The solution to this for us was spending time together. That’s all it took. With a little time spent together with my spouse—which is nice, actually, and hard to come by otherwise—we manage to get by on about a hundred bucks a week in groceries. This time is spent doing menu planning, writing a grocery list with what we need to cook those meals, and finding coupons. We’re about to start ‘comping’ sale ads too. We sit down together each week with a pile of cookbooks and our recipes and the calendar—as awful as that is—and decide what we’re going to eat for that week and what we have time to cook. Usually we can get by with two or three recipes with leftovers plus whatever can scrounge up on the weekend. It really depends on the week. Either way, for the cost of three or four trips through the fast food line I can cook all week for my family of six: Healthy, good, hot meals that never sat under a heat lamp or languished in a deep fryer.
Next I’m going to discuss some things that torpedo my resolve when it comes to begin frugal and what I can do to help prevent it.
I’m not a member of the Mark Driscoll Fan Club any preacher talking like that in the pulpit around here would probably get tossed over hand out the back door. But thats here in the Bible belt.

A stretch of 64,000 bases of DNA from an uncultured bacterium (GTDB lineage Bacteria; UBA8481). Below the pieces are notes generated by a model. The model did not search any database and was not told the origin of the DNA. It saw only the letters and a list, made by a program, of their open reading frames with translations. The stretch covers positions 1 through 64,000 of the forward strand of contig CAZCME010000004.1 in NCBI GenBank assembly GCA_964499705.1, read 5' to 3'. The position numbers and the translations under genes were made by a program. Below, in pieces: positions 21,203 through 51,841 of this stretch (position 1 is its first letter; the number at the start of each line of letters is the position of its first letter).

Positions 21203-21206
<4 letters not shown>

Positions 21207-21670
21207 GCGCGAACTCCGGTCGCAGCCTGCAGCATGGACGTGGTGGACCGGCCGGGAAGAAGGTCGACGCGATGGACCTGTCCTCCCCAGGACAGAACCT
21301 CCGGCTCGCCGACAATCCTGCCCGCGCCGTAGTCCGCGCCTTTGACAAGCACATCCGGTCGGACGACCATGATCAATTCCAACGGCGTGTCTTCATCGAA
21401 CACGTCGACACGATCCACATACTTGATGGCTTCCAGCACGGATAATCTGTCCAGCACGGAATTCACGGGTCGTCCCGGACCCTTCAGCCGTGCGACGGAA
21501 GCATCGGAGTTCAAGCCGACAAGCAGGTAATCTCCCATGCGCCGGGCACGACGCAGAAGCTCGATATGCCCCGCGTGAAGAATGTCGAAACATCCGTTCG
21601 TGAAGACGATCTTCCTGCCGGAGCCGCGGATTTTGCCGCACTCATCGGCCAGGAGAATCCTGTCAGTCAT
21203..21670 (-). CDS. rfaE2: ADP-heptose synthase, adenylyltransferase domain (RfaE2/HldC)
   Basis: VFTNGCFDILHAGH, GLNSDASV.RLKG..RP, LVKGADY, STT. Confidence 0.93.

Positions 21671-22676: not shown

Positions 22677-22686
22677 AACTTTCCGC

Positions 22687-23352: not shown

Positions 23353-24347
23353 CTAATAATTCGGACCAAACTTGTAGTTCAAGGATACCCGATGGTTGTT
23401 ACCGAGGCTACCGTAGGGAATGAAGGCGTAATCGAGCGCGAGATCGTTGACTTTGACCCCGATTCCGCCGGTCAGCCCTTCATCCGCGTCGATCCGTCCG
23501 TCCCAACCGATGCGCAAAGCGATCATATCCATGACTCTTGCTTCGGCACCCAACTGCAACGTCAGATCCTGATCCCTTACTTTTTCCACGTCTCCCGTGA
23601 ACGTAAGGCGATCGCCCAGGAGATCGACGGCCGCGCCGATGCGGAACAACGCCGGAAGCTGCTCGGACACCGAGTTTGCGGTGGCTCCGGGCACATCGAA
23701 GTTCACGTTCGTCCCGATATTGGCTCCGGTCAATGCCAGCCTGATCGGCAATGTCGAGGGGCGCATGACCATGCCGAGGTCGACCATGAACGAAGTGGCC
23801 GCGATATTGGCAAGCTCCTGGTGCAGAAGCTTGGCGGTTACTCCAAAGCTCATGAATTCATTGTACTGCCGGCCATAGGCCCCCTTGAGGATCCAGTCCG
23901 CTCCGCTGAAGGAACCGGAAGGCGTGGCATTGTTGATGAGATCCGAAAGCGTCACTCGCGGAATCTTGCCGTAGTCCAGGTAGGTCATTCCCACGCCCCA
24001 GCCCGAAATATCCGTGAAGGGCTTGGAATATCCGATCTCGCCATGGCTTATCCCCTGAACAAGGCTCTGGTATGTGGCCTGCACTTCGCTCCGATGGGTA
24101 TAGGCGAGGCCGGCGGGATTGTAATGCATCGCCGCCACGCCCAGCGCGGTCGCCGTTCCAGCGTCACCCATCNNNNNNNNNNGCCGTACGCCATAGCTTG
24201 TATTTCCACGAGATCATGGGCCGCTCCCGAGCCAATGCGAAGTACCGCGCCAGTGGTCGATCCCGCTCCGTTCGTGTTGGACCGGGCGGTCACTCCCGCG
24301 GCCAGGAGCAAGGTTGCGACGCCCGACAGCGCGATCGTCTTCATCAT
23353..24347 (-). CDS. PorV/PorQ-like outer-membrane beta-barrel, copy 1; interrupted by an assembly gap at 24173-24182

But here’s a whole world away from Seattle Washington. If my home county was paved over and you stacked folks three deep over the surface the population might get as high as Seattle. And the inhabitants aren’t nearly as nice there as they are down here. They’re a rough crowd. But they need Jesus. How about this, rather than griping and fussing about how they do it up there, lets go on up there and start a ‘proper’ church with elders–if you can find any who are qualified–and the whole shebang and see how long it lasts.
I can see the other side of this to, so don’t get me wrong. The same issues apply. Is there any real disciple making going on? Have they, as the Hindus did, just imported Jesus into their ‘groove’? I’m not actually in a position to respond to these questions because I have never been to Seattle or preached there–which can only be a whole different experience than it is here in Oklahoma.
I like Tim Challies ‘trajectory’ comment. I think it fits and I think it reminds us to remove the logs before we pluck at the splinters.
I have to think of the demon possessed man that Jesus healed, then left behind. Do I know why he did that? Nope. But I’ll bet it was because he was the one who could minister to those folks best. You know, the pig raising Jews who were so upset over their lost profits that they asked him to leave. Face to face with Jesus…I can’t get a grip on that one. But the man who was healed could. Think about that one for a while then, rather than griping publicly, lets look around and see why we’re not reaching out to the folks where we live and why we’re not all about discipleship and planting churches and things.
I just read this and thought it applied.